Most detailed histories of New York City have described Evacuation Day as a “forgotten holiday” that has not been celebrated in the City since 1916. However, this is not entirely true. In the 1980s a group led by Joseph Fitzpatrick, working for City Council President Paul O’Dwyer, held a ceremony in honor of Evacuation Day at New York’s City Hall.
In the 1990s members of New York City Law Department, centered around Kathy Blyn and the Municipal Finance Department, annually celebrated Evacuation Day with a walking tour for government workers on the day before Thanksgiving. The Bowling Green Association would also, from time to time, hold a ceremony at Bowling Green in honor of Evacuation Day (at one point Evacuation Day was renamed British American Friendship Day. At at least two of these ceremonies, a representative of the British consulate in New York raised the British flag along with the American flag.
The most significant efforts to keep Evacuation Day alive however, have been undertaken by the Sons of the Revolution of the State of New York. In 1904, through a bequest from Frederick Tallmadge, the Sons of the Revolution acquired and renovated Fraunces Tavern on Pearl Street. Since 1907, the Sons of the Revolution have operated a museum of early American history and leased the lower floor as a restaurant. In 1983, the Fraunces Tavern Museum, under its then director Chris Miles, sponsored a significant exhibition on Evacuation Day for its 200th anniversary, and the Sons of the Revolution held a large ceremony at Bowling Green. In addition, for many years the Sons of the Revolution have in late November held an Evacuation Day dinner at Fraunces Tavern in its Bissel Room, which in recent years has been sold out with more than 100 people. At this dinner, it has been a tradition that members of the Sons have given the 13 toasts that were made at the dinner in 1783 that George Washington and Governor Clinton attended.
The Efforts to Revive Evacuation Day.
In 2014, the recently formed Lower Manhattan Historical Society (the LMHS) decided to attempt a more formal revival of Evacuation Day. The LMHS is an outgrowth of the 2014 Lower Manhattan July 4 Festival Committee, whose purpose was to create July 4 activities in Lower Manhattan, at a time when the City’s major public July 4 activity was the Nathan’s hot dog eating contest in Coney Island. The purpose of the LMHS is to educate and advocate for efforts to teach the people of Lower Manhattan and elsewhere about the very rich and often unknown history of Lower Manhattan.
Arthur Piccolo, a director and one of the founders of the LMHS enlisted John Herzog, a founder of the Museum of American Finance to finance the purchase of a large American flag that was a replica of the 13-star flag that might have been flown over Bowling Green in 1783. The Sons of the Revolution recognized Mr. Herzog for his longstanding support of Lower Manhattan history at the 2014 Evacuation Day dinner.) At that dinner Ambrose Richardson, President of the Sons of the Revolution, called on a representative of the LMHS who announced that the next day the flag would be flown from the Bowling Green flagpoles in an attempt to re-institute the forgotten holiday of Evacuation Day. In response to enthusiastic applause from the crowd, the LMHS Evacuation Day flag was unfurled, and all patrons at the dinner were invited to attend the ceremony the next day.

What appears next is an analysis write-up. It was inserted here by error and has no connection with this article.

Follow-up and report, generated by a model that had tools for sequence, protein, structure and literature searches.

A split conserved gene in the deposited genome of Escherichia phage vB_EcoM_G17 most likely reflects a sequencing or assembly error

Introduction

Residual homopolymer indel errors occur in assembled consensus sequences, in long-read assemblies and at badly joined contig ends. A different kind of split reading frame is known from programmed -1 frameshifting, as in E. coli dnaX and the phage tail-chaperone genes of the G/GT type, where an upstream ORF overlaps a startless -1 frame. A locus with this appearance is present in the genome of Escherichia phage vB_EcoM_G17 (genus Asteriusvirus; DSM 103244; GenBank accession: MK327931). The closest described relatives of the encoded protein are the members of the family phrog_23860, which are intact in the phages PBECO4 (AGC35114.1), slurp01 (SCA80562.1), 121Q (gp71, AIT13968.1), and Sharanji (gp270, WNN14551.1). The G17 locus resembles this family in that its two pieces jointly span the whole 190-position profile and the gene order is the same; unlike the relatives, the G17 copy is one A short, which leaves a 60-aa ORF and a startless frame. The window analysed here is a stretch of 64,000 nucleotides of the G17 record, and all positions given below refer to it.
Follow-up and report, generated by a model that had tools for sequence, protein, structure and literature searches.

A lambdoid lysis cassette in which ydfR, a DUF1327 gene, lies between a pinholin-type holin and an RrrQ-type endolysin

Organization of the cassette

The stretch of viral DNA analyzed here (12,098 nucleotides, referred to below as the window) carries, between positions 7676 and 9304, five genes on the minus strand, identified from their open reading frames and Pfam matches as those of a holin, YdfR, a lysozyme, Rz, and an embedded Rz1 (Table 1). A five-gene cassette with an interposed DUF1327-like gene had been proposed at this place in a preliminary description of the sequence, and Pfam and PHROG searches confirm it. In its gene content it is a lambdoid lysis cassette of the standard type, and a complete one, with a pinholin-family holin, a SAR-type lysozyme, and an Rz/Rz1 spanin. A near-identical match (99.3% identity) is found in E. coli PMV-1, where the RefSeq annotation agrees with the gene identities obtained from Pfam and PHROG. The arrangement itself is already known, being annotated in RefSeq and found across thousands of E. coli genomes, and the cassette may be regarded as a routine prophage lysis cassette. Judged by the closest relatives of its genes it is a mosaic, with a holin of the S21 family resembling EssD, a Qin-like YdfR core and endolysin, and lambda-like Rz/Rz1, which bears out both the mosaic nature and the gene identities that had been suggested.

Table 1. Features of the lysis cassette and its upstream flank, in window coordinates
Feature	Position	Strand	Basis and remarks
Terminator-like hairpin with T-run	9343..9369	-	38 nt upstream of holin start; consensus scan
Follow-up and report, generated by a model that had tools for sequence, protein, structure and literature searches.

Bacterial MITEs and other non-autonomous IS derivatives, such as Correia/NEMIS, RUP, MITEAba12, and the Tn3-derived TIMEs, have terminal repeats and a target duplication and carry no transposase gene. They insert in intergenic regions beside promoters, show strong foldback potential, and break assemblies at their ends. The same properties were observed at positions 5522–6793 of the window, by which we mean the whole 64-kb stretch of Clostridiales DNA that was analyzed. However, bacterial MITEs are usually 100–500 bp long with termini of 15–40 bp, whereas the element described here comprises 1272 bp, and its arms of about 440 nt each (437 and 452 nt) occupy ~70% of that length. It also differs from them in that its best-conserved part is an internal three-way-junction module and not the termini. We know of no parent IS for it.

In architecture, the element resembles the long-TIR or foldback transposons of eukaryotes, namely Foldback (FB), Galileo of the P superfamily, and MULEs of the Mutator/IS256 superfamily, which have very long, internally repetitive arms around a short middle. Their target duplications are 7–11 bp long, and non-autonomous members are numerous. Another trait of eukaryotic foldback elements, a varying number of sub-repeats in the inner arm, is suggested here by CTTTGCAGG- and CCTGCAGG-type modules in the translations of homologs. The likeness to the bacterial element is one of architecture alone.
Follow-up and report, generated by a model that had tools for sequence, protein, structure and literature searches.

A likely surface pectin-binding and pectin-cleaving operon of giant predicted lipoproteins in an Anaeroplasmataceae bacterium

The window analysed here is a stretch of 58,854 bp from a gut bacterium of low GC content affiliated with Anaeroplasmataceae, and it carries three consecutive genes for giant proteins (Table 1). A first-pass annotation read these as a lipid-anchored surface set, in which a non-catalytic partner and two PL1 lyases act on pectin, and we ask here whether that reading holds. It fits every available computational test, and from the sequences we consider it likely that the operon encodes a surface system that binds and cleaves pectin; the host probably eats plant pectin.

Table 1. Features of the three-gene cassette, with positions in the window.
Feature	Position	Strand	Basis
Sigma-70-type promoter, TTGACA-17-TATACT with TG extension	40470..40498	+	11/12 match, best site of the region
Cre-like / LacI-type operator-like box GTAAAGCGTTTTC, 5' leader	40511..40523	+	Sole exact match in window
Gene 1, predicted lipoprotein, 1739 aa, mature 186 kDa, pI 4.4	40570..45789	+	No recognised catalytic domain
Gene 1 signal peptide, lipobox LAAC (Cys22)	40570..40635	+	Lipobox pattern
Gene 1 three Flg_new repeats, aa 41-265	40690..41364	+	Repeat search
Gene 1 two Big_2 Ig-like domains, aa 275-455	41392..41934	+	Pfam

The next day at a few minutes before noon, a group of approximately 10 people including John Herzog, Arthur Piccolo, Wesley Oler, President of the 1st New York Chapter of the Sons of the American Revolution and a director of the New York Sons of the Revolution, Wellington Chen of the Chinatown Partnership, and Ludger Balan of the Sable Soldiers gathered in front of the Bowling Green flagpoles.
The group was then joined by the guide and approximately ten people (presumably tourists) on an Evacuation Day walking tour being sponsored by the Museum of American Finance. In a brief ceremony, a representative of the LMHS stated that it was at this exact spot and at this exact time on November 25, 1783 John van Arsdale a continental sailor had climbed the greased flagpole and pulled down the Union Jack and hoisted the 13-star American flag to mark the official end of the American Revolution.
It was stated at that time that it was the intent of the LMHS and related patriotic organizations, such as the Sons of the Revolution, to reinstate the ancient tradition of raising the American flag at Bowling Green on November 25, thus reviving the historic holiday. All those present were asked to pledge that they, their children, and their children’s children, would see to it that the practice of raising the American flag there on Evacuation Day would continue and never again be abandoned. Abraham Kurtullus, with the assistance of Arthur Piccolo and my daughter Caroline Kaplan, then raised the flag which had been unfurled at the Evacuation Day dinner at Fraunces Tavern the night before.
There were probably three times as many people visiting Arturo Di Modica’s statue of the Bull a few feet to the north, all of whom were oblivious to the important ceremony unfolding at the flagpoles. However, with this inauspicious small ceremony of not more than 25 people, the seeds had been sown for the revival of Evacuation Day.